What is the value of your time as a small business owner?
Many small businesses owners want to grow their business but often get caught up in the day to day running of it. To break this cycle, you need to start putting a value on your time and work out how much return you are getting for all the time you are putting in
By understanding this, you’ll be able to take steps forward to grow your business. Failing to understand this will keep your business small.
So what is the critical number to understand?
It is something called your hourly rate.
So what is your hourly rate?
Firstly, it isn’t the per hour rate that you might charge out for your product or service. It is a measure of the return on your time. For all the time and effort you are putting into your business, what are the financial returns that are coming back to you?
You can work it out as follows:
Your Hourly rate = Financial return to business owner ($) / Hours worked each week (hours)
How to value your time – your hourly rate
The first thing you need to work this out is what are you paying yourself. This may come from a number of sources such as:
Add up all the money that is coming out to you from your business. For example, let’s just say you are a business owner paying yourself $80,000 a year and on top of this you are making $20,000 profit. Your total financial return is $100,000 a year.
On a weekly basis, let’s say on average you are putting in 50 weeks of work a year (in round numbers) then that works out to be $2000 a week.
The next part of this is to understand what are the hours you are working for this return? In this case, let’s say the small business owner was working 50 hours per week.
So, by putting 50 hours in, they were getting $2000 a week out, or in hourly rate terms, when you divide the $2000 by the 50, equals $40 an hour.
So what is your hourly rate? Take the time to work it out now.
What does your hourly rate mean?
Once you have worked your hourly rate out, you’ll be in one of two places:
- You might think, “That’s a great number. I’m happy with that number.” or
- You might be thinking “Hang on, I’m not happy with that number.” In fact, I would probably be better off working for someone else based on the return I’m getting.
This is the point. By being in business, you should be rewarded for the extra effort and extra risk you are putting in.
The key thing to understand is that your hourly rate is an average. Some of the activities that you do in your week are going to bring your hourly rate down and others are going to boost your hourly rate up. Your hourly rate will also be brought down when you’re having time wasted in your week.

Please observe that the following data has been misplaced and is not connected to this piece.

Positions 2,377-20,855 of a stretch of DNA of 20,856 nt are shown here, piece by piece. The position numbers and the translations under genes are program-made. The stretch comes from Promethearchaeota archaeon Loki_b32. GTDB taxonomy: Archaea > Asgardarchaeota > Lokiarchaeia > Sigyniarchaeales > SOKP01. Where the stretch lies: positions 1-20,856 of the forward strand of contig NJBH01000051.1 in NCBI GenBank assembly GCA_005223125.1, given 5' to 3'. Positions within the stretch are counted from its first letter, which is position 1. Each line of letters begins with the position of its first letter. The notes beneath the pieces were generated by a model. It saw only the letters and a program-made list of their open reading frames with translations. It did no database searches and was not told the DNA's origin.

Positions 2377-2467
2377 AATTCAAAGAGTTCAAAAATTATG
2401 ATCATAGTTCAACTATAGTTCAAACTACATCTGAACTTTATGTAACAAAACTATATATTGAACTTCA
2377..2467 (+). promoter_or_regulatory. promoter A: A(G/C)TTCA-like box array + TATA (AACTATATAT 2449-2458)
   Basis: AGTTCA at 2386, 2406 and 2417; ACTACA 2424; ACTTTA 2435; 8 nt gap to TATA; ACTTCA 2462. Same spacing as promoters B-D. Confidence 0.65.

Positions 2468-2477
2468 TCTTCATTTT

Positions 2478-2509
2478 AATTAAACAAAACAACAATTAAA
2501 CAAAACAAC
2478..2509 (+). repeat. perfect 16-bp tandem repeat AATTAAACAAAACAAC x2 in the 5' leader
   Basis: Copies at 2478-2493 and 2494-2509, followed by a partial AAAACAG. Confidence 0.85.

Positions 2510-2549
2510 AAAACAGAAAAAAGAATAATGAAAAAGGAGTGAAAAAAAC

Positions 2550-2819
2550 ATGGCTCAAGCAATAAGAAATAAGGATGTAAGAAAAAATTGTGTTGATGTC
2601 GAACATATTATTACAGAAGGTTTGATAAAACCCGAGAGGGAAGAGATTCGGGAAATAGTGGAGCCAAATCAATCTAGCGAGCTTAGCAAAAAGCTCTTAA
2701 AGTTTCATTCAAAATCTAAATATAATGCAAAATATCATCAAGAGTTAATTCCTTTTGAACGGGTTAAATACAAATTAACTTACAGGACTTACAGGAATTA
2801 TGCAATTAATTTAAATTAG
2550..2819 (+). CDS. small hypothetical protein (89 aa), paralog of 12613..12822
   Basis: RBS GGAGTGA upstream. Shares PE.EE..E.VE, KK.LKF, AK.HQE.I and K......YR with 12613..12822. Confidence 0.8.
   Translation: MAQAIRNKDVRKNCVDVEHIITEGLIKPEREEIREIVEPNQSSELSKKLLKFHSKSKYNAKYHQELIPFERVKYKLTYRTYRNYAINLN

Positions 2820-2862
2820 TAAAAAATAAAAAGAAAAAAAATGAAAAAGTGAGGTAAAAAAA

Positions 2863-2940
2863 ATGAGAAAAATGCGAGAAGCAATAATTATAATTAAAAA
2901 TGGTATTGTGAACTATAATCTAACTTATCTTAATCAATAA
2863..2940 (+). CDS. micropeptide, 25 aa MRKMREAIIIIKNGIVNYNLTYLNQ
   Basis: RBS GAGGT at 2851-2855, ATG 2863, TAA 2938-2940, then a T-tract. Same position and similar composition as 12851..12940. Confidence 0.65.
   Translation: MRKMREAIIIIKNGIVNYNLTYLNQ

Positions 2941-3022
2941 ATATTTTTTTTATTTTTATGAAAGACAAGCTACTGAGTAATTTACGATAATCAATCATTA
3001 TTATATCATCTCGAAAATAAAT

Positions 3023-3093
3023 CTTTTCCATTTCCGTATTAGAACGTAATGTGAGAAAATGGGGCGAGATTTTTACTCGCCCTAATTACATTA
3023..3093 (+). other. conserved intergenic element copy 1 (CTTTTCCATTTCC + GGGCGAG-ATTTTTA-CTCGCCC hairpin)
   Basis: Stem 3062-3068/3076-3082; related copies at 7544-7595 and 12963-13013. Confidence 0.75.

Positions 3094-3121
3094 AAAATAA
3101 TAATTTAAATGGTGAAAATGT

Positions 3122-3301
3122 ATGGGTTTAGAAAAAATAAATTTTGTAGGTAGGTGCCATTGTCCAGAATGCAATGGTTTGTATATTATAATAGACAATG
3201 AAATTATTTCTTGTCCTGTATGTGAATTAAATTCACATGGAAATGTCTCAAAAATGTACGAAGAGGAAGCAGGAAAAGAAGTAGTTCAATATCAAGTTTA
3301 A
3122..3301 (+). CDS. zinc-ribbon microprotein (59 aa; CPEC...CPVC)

Let’s look at an example…
One of our customers runs a limestone paving business. He thought he would save some money by driving his delivery truck in the afternoon. He would save a few hundred dollars a day by not spending it on a truck driver. The problem was is that while he was driving his truck, he wasn’t doing sales. This was further exacerbated in that this guy was a great salesperson and could sell at least $5000 worth of product in an afternoon.
He was saving money but it was costing him a fortune.
This is what can often happen in your business. You try and save money by doing things yourself, but it’s actually costing you. It’s costing you your time, where you could be investing your time into other activities. This is why it is important to start to put a value on your time.
How to increase the value of your time by increasing your hourly rate
This starts by looking at each of the activities you do.
Firstly, identify the top hourly rate activities that would actually make your hourly rate go up. These activities are ones that will:
- grow your profit;
- increase your sales;
- make things more efficient;
- give you a greater return for the time you’re putting in.
Focus on valuing your time and putting more of your time into high value activities.
Then, identify the low value activities that are pulling your hourly rate down. This could be where time is being wasted or where you are getting caught up doing low value tasks? The key with low value activities is to look at how you can:
- Automate them, i.e. getting a computer, technology, or software to do the task; or
- Delegate them, by getting other people in your business to do them; or
- Outsource them, either locally or overseas.
Whatever your hourly rate is now. Look at ways that you can increase it, because by continually asking that question, you’ll be able to grow your business to a whole new level.